Figure 5
Figure 5

Overview of the block randomized study design. Crossbred steers were purchased in groups and transported to a commercial feedlot in Northern Colorado. Upon arrival, animals from each vendor were processed separately. Cattle were individually weighed using a chute, and heavy or light weight animals (relative to the weight distribution for the source population) were excluded. Remaining cattle were randomly allocated to the 2 treatment groups, which were housed in separated, adjacent pens. Randomized enrollment was blocked by pen, so that cattle were allocated to a pair of pens within a block. Pens within a block had equivalent distributions for cattle weights, breeds, sources, stocking density, and placement and harvest dates. The pens had equivalent dimension, and animals were housed in open-air, dirt-floor pens with a central feed alley. Pens of cattle within each randomization block were managed using identical protocols for cattle movements, timing of feed delivery, feed bunk management, and daily health inspection. Cattle housed together in a pen were shipped for harvest based on standard procedures to determine when they have reached market weight (1400–1500 lbs). Treatment and control pens within each block were shipped for slaughter on the same day, in the same order that blocks were randomly enrolled into the trial.

Except for SCFP supplementation included in the diet of treated cattle, the diets fed to both treatment groups were identical, and were formulated to meet the National Research Council nutritional requirements40. The SCFP product (NaturSafe, Diamond V) was supplemented to treated cattle diets at the manufacturer’s recommended dose of 17.8 g/d (Supplementary Table S6). Cattle started receiving the treatment diets when they were transitioned to the finishing ration starting week 2 to 3 following placements. Cattle were fed twice per day. Separate equipment was used for preparation and delivery of treatment diets, and the mill and trucks were sanitized between diets to minimize cross-contamination.

Trained personnel, masked to treatment assignment, evaluated cattle for signs of illness at arrival and daily under the supervision of a veterinarian. When identified, ill or injured animals were moved for examination, and primary illness was classified by body system (i.e., respiratory, digestive, or other diseases). Cattle requiring treatment with antibiotics, as per trial protocols, were moved and permanently housed elsewhere. Cattle that died underwent a necropsy by a veterinarian for cause of death classification. The cattle were harvested between October to December 2016.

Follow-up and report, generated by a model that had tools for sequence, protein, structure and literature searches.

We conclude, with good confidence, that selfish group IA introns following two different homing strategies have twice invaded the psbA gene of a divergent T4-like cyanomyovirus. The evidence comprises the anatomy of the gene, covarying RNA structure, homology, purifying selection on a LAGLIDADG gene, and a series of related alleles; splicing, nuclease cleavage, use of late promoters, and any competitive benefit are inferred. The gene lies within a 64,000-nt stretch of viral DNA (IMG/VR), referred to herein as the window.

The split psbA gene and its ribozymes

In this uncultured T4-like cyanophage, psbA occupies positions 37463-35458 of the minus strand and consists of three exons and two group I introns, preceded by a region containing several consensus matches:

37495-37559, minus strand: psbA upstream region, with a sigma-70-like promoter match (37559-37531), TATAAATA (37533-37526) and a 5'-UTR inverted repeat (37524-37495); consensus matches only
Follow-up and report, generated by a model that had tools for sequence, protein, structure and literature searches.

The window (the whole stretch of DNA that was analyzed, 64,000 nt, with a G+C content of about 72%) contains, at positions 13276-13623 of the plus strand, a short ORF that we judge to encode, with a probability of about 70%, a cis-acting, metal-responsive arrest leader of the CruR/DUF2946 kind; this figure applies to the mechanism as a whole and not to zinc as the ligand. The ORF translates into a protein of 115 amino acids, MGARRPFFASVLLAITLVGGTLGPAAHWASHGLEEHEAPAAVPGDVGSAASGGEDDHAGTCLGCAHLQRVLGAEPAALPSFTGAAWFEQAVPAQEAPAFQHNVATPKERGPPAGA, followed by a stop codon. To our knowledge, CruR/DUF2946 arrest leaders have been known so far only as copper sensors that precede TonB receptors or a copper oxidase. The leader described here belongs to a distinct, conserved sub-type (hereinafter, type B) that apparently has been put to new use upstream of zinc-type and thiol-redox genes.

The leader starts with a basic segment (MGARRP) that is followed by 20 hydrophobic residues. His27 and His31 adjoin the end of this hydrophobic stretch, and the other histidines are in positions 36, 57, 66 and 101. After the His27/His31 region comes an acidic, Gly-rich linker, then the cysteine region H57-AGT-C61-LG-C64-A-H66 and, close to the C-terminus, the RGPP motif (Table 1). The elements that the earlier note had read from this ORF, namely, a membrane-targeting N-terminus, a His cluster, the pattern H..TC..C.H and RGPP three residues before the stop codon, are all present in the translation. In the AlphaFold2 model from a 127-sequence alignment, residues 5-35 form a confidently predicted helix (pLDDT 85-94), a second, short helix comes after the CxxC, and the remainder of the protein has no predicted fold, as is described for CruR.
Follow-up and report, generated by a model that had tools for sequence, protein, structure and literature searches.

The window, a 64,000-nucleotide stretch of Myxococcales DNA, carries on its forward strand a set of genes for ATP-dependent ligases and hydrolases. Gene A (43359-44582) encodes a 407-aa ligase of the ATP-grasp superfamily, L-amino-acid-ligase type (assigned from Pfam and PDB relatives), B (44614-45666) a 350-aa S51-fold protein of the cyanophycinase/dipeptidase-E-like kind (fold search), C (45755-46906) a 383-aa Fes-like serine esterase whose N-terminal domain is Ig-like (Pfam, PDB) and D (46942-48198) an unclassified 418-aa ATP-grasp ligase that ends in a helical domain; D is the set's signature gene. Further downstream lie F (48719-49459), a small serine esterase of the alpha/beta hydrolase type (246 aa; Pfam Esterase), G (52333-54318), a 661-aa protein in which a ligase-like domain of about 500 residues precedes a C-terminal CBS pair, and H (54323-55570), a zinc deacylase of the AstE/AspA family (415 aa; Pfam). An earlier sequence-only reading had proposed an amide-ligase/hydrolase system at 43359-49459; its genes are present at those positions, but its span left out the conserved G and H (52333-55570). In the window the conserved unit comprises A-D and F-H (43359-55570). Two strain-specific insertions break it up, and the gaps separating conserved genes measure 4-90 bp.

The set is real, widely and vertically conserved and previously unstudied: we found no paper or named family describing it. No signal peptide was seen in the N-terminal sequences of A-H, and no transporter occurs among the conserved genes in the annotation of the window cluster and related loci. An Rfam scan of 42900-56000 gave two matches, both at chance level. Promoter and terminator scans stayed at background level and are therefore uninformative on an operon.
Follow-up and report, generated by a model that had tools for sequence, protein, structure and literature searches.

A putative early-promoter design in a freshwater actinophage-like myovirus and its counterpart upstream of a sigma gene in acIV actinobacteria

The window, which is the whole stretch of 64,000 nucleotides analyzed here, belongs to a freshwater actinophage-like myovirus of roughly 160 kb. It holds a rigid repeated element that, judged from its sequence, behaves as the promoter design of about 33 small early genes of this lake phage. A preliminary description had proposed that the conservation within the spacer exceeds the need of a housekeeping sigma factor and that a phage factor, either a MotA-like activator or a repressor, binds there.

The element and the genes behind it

Sample and Data collection

One day prior to harvest, a composited sample of fresh feces was collected from the pen floor for each pen within a block (n = 28 fecal samples), using previously described methods37,41. Briefly, composites were created by combining several samples of freshly voided feces (~10 g each) taken using a gloved hand from the top and center of individual fecal pats from 20 locations along crossing diagonals of each pen of cattle. The fecal composites were transported on ice within insulated containers within 1 h of collection to the laboratory at Colorado State University for further processing (described below). Animal health and weight data were collected, and individual animal weights were summarized through calculation of arithmetic mean, by pen. The ADG was calculated using the difference of pen-averaged slaughter weight and starting weight divided by the DOF. The DMI to gain ratio was calculated by dividing daily DMI of feed by ADG. Crude morbidity attack rate was calculated as the number of sick animals, whether they received treatment or not, divided by the initial number of animals assigned to each pen. Crude mortality attack rate was calculated as the number of animals that died, whether they received treatment or not, divided by the initial total number of animals assigned to each pen. Cause-specific morbidity attack rates were calculated as the number animals treated and divided by the initial number of animals in the pen. Cause-specific mortality attack rates for disease categories were calculated as the number of animals that died, whether they died in the pen or after removal for antimicrobial treatment, divided by the total number of animals assigned to each the pen.

The cattle were euthanized using approved procedures at a commercial abattoir. Identities of feedlot pens (not treatment group assignments as all personnel remained masked to treatment group throughout the study) were tracked in the slaughter plant to allow for determination of liver abscess occurrence by pen and treatment group. After evisceration, the presence and severity of liver abscesses for individual animals were classified by a trained observer using a modified Elanco Liver Check System, as previously described6. Briefly, the external surfaces of livers were observed and palpated. Livers without visible abscesses were scored as normal, and livers were classified as A-minus, A or A-plus to denote increasing severity of abscessation. Other pathological liver abnormalities were not scored.


Sample processing and sequencing